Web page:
The largest union representing state employees questioned the Mills administration’s efforts to protect the health of state workers Wednesday after state officials disclosed that an employee in the Lewiston office of the Maine Department of Health and Human Services has tested positive for coronavirus.

“There’s been no real top-down plan,” said Dean Staffieri, president of the MSEA-SEIU Local 1989, which represents about 14,000 state and municipal employees. He said union officials are urging the administration to allow more state workers to take paid administrative leave, if in non-essential jobs, or to telecommute.

Staffieri said workers are calling the union daily and asking why they must work in offices where they may be exposed to the virus.

“People are saying, ‘We don’t get it. Why are we here when we don’t think we are essential,’ ” Staffieri said.

State employees connect the public to services such as food assistance and unemployment insurance that are more important than ever now, said Lindsay Crete, Mills’ press secretary, in a prepared statement.

Crete said the administration is taking steps to increase physical distancing in state offices and allowing more employees to work from home. State agencies are also limiting, as much as possible, in-person contact with the public.

“Gov. Mills appreciates the union’s concern for the health of State employees no matter where they work,” Crete said in the statement. “She cares deeply about it, too, which is why she is working every day to protect their health and ensure that State government can meet its obligation to the people it serves.”

Dr. Nirav Shah, director of the Maine Center for Disease Control and Prevention, announced the DHHS employee’s case Wednesday during a daily media briefing with DHHS Commissioner Jeanne Lambrew. Maine now has 142 confirmed cases of coronavirus infection.

Shah said the CDC is investigating the case.

“Our top priority in these situations is always to ensure the health and safety of the public, as well as our employees, within any unit of state government,” he said.

Lambrew said she closed the Lewiston office, which houses about 60 state workers, early Wednesday.

In a DHHS news release issued later, Lambrew said only about 25 percent of the workforce was in the office on Tuesday and they had served only four clients that day. She said the affected worker did not have regular contact with the public.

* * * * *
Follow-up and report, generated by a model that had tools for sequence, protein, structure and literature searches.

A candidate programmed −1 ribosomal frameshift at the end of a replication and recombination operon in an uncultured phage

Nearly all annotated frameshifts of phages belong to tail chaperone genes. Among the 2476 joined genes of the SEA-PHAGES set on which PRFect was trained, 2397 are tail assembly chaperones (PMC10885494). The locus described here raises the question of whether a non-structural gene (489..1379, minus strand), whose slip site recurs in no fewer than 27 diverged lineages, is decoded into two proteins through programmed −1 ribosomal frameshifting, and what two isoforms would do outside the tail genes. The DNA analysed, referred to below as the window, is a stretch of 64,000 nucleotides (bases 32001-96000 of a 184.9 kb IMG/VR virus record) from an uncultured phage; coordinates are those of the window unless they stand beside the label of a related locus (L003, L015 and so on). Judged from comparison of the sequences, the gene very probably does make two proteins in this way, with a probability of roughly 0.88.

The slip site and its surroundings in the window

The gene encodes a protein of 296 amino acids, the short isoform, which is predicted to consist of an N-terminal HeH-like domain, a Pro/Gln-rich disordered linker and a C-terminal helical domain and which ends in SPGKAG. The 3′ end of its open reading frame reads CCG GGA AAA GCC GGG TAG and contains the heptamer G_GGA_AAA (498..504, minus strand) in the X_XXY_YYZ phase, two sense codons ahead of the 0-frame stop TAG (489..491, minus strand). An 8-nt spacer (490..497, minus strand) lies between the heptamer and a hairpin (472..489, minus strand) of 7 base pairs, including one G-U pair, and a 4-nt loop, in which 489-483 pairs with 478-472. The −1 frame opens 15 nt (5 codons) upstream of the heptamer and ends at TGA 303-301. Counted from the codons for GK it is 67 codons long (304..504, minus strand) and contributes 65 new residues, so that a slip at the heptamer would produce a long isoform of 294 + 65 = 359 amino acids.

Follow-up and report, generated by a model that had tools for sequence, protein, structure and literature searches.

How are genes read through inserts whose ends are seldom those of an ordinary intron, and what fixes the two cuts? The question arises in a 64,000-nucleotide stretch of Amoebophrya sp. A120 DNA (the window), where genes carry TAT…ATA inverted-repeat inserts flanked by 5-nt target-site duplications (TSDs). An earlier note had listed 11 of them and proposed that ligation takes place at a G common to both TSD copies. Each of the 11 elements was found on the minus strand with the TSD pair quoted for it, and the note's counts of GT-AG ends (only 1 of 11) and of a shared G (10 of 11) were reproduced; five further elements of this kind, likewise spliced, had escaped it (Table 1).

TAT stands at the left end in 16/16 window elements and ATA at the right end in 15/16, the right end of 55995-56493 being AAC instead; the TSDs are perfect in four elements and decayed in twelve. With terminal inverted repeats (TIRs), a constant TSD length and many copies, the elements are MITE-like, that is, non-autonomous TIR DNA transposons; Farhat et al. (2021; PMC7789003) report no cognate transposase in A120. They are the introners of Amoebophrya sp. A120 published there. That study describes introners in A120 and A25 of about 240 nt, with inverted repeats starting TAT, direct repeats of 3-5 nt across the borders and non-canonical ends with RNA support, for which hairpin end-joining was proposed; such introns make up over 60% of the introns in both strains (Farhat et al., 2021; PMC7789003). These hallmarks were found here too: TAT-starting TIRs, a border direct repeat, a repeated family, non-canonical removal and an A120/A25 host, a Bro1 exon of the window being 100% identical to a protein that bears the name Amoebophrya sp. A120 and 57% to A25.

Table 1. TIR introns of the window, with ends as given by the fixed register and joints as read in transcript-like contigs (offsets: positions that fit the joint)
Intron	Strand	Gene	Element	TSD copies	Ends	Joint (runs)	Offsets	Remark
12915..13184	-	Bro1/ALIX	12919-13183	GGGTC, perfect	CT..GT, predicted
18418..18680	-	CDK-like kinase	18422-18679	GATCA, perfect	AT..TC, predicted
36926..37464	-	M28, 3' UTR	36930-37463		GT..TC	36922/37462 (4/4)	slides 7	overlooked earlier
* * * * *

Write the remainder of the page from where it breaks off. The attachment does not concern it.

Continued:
“I followed protocols developed for all state employees and communicated last week to ensure that those employees, their partners, the providers in the community, and mostly the people we serve are safe,” Lambrew said in the statement. “My heart goes out to my workers and the workers throughout Maine, the families throughout Maine, who have been affected, because this does hit home.”

Lambrew said in the briefing that about 70 percent of state workers are already working from home, and she expected that to increase to about 80 percent soon. But Staffieri, who once worked in the Lewiston DHHS office, was skeptical of those figures.

“We don’t have any numbers to show us that is the case,” he said.

Staffieri also questioned the wisdom of leaving other DHHS offices open, including those that handle requests for public assistance benefits like Medicaid, Temporary Assistance to Needy Families and Supplemental Nutrition Assistance programs, in Portland, Bangor and other locations.

The union filed a class action grievance against the administration for all four of its bargaining units Tuesday, demanding that employees be notified of potential exposure to someone who is infected; closing and decontaminating affected work sites while paying displaced workers; and paying employees administrative leave if they become ill from a workplace-related exposure to the virus.

DHHS highlighted steps it has taken to support physical distancing in its 16 regional offices, such as opening only to accept paperwork drop-offs during limited hours, and encouraging clients to use online systems for filing applications and reviews for benefits programs.

Staffieri said state workers understand the services they are providing are critical to the well-being of many Maine people, but if state employees become ill, especially those who work in critical roles – such as child protective services – then the state will be facing an additional crisis.

“What we are really trying to do here is advocate for the public, these state workers and the workers’ families,” Staffeiri said.

 

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